Forget Godzilla. What About Japanese Tsunami Debris?

Already on Hawaiian beaches, and in Hawaiian ocean life. And coming soon to a west coast beach near you. It’s like a malign Butterfly effect.

Here’s CNN:

In her lab, Jantz sliced open the stomach of a lancetfish for CNN. You may never have heard of the lancetfish, a sometimes 4- to 6-foot long fish with enormous teeth. But bigeye and yellow fin tuna eat lancetfish. Tuna ends up on our plates.

Jantz pulled out a 12 by 12 piece of indigestible black plastic. “It would be difficult to pass through the system,” said Jantz. “I’ve found several fish with the same black plastic bag, just like this, even larger. If it gets to a certain size, the fish is going to feel like it’s full.”

Jantz conducted a study that included 64 fish of varying species. Twelve percent of them, she said, contained plastic. When she looked just at lancetfish, 45% had plastic. “One concern that we have and don’t know is if any chemicals from the plastic are absorbed into the tissue of the fish, which is a problem if consumed by a fish that we consume. That’s definitely the next step, what is the impact?”

Across the island in David Hyrenbach’s lab, the impact of plastic debris is apparent among the animal species he studies: birds. Hyrenbach cut open the bellies of some albatross for CNN. Plastic pieces spilled out of the belly of a 2-month-old albatross. Eighty percent of the stomach was packed with plastic.

Hyrenbach, an assistant professor of oceanography at Hawaii Pacific University, pulled out a small bottle top. “Toothpaste top?” he said. “No, cap of a medicine tube.” He reached into the stomach again. “Oh, it’s a brush, you see?” There were the unmistakable bristles of a hairbrush.

“Morally, this is terrible. How is this possible? Majestic, far ranging, beautiful birds, in a pristine place of the pacific, the northwest Hawaiian islands, you open them up and this is what you find,” said Hyrenbach.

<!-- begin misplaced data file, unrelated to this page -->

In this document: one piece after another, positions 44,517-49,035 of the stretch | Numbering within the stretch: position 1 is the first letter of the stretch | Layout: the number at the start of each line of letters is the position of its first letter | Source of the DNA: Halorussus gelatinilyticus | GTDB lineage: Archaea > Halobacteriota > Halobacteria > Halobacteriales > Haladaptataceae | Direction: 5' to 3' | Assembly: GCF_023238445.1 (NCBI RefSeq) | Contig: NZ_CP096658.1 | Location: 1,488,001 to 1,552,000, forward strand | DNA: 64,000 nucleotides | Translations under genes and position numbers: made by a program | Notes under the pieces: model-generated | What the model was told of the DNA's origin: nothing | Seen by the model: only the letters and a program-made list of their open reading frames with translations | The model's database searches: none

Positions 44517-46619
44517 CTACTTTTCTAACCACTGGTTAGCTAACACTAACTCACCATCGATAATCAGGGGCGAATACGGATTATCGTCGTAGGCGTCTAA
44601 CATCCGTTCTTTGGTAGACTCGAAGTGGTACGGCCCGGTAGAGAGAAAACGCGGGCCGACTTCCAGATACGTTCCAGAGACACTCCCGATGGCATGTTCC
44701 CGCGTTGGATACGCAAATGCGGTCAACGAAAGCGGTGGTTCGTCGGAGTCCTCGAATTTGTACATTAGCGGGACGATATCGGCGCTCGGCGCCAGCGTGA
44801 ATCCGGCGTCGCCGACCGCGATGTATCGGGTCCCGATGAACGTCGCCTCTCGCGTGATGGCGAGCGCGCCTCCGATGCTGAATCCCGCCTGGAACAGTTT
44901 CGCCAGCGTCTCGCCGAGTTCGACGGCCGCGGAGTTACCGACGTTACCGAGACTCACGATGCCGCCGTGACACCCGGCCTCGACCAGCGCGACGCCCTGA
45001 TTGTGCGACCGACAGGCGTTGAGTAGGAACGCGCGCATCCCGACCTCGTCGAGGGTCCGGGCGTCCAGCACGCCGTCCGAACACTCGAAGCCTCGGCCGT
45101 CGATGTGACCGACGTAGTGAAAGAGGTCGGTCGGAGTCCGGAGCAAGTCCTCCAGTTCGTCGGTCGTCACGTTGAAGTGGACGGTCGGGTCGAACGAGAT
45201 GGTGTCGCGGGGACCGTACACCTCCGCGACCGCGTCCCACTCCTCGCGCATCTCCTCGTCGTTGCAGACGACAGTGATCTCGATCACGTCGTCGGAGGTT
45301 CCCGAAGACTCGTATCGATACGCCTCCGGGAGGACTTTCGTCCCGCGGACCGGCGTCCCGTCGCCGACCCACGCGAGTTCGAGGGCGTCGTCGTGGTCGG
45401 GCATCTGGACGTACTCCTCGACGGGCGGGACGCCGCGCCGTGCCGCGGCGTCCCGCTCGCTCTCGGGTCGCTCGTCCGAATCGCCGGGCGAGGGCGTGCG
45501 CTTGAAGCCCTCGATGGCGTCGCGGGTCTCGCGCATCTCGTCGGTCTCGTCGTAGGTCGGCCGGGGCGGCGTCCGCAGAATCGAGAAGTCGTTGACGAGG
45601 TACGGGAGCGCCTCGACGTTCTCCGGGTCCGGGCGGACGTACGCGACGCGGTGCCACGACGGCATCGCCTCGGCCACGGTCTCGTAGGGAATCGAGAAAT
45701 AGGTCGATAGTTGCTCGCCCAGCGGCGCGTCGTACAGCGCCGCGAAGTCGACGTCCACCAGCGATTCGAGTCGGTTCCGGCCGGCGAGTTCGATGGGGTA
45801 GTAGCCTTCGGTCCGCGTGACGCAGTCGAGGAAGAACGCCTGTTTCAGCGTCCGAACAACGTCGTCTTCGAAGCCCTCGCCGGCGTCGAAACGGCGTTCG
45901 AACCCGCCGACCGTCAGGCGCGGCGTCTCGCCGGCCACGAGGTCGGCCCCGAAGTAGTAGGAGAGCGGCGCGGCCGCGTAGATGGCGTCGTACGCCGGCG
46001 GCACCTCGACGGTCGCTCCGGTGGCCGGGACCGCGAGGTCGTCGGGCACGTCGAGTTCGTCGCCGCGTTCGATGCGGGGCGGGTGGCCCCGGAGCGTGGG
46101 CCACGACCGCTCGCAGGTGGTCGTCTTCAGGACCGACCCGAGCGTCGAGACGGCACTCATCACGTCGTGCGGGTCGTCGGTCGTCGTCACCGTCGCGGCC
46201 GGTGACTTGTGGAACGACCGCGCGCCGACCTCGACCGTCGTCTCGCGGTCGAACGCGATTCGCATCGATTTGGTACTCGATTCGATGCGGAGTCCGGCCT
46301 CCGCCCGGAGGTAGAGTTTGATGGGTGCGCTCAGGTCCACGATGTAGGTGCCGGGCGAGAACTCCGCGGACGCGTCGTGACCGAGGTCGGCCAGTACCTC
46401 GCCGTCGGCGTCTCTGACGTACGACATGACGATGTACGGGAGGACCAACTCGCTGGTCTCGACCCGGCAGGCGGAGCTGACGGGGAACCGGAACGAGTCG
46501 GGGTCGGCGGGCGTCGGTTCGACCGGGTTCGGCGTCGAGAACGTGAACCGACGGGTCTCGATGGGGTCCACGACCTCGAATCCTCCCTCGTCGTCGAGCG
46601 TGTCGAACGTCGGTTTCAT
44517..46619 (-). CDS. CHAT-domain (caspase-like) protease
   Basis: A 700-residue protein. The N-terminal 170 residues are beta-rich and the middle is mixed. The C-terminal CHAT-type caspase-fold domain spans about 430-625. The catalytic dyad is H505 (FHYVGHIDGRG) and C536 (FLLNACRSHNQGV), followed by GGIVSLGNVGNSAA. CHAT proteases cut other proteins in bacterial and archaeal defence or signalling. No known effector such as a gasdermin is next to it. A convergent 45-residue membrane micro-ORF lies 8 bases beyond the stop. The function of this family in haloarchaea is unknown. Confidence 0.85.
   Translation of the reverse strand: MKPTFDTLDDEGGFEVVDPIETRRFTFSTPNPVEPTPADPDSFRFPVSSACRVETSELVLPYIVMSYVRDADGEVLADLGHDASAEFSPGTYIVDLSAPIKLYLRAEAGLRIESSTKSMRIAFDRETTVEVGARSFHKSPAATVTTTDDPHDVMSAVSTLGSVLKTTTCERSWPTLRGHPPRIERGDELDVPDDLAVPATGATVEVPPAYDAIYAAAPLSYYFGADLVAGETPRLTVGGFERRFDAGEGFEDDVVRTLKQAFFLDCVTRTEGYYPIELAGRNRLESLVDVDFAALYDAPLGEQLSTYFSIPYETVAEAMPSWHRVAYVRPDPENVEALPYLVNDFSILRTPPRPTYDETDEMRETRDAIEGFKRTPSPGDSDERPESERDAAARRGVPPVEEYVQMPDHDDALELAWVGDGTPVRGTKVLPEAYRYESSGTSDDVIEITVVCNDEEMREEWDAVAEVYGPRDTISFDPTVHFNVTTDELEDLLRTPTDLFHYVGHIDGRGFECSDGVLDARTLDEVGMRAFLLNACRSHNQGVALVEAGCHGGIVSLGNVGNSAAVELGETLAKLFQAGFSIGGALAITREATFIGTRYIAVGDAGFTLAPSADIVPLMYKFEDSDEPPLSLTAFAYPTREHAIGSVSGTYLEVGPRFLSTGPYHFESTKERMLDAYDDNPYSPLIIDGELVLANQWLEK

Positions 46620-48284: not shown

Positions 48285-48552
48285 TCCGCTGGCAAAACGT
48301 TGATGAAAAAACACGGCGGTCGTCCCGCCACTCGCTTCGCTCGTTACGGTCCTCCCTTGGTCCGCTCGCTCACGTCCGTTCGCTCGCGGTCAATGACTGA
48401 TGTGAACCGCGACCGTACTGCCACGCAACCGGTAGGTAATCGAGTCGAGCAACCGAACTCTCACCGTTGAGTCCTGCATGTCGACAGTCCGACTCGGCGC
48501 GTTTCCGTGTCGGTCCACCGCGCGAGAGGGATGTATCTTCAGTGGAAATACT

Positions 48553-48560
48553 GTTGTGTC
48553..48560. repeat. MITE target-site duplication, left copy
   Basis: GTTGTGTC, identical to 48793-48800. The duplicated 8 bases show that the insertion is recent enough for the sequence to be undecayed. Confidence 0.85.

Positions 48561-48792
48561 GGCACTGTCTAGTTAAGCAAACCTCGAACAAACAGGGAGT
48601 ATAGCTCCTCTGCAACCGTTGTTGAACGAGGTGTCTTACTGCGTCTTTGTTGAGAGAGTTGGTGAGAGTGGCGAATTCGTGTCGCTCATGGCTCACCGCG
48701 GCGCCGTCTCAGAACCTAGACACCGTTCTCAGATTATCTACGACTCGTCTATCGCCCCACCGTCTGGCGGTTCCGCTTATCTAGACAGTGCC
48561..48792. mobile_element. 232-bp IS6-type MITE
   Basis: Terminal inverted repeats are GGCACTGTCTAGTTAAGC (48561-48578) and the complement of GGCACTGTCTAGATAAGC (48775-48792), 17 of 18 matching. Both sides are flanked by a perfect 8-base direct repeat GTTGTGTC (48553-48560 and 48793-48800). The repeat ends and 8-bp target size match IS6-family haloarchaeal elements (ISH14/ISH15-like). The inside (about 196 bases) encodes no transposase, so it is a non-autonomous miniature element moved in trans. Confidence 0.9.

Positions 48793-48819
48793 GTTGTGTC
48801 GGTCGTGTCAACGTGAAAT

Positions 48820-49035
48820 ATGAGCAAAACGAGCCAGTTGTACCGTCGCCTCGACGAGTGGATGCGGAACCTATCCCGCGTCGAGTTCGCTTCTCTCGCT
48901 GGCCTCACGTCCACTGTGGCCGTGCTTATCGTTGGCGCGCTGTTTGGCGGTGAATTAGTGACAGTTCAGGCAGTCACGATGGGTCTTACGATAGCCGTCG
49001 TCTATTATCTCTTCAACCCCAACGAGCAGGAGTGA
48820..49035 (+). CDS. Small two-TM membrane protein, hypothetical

He grabbed a box, packed with toy soldiers, lighters and brushes. He explained that he pulled all the items out of albatross from Hawaii. “Every bird I looked at had plastic. Some had a little bit. Some had a lot. Everybody we looked at had plastic.”

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Tsunami Delivery

We all know how much stuff humanity has. And when a tsunami hits alot of it floats away. Currently, the Pacific Ocean is acting as a conveyor belt for an enormous tide of man-made junk that is headed from Japan to either fetch up on California beaches, or dwell for eternity in the Great Pacific Garbage Patch. I guess it is a good sign (of growing awareness that stuff matters) that the New York Times editorial board is alarmed, saying:

Scientists at the International Pacific Research Center, based at the University of Hawaii at Manoa in Honolulu, created a computer model to predict where the debris would go. Their animation shows a cloud looping across the northern Pacific, past Hawaii, out to the West Coast and back to Hawaii. They say it may make its first landfall this winter in Midway Island, then in Hawaii in 2012, and the West Coast in 2013. In September, a Russian ship sailing to Vladivostok spotted a fishing boat marked “Fukushima,” a TV, a refrigerator and other trash, validating the predictions.

But awareness is really only the first step toward actually doing anything about all the stuff we think we need (the second should be a progressive consumption tax). In the meantime, it will keep piling up across the natural world.

Here’s what the animation model–a real life disaster movie–looks like.

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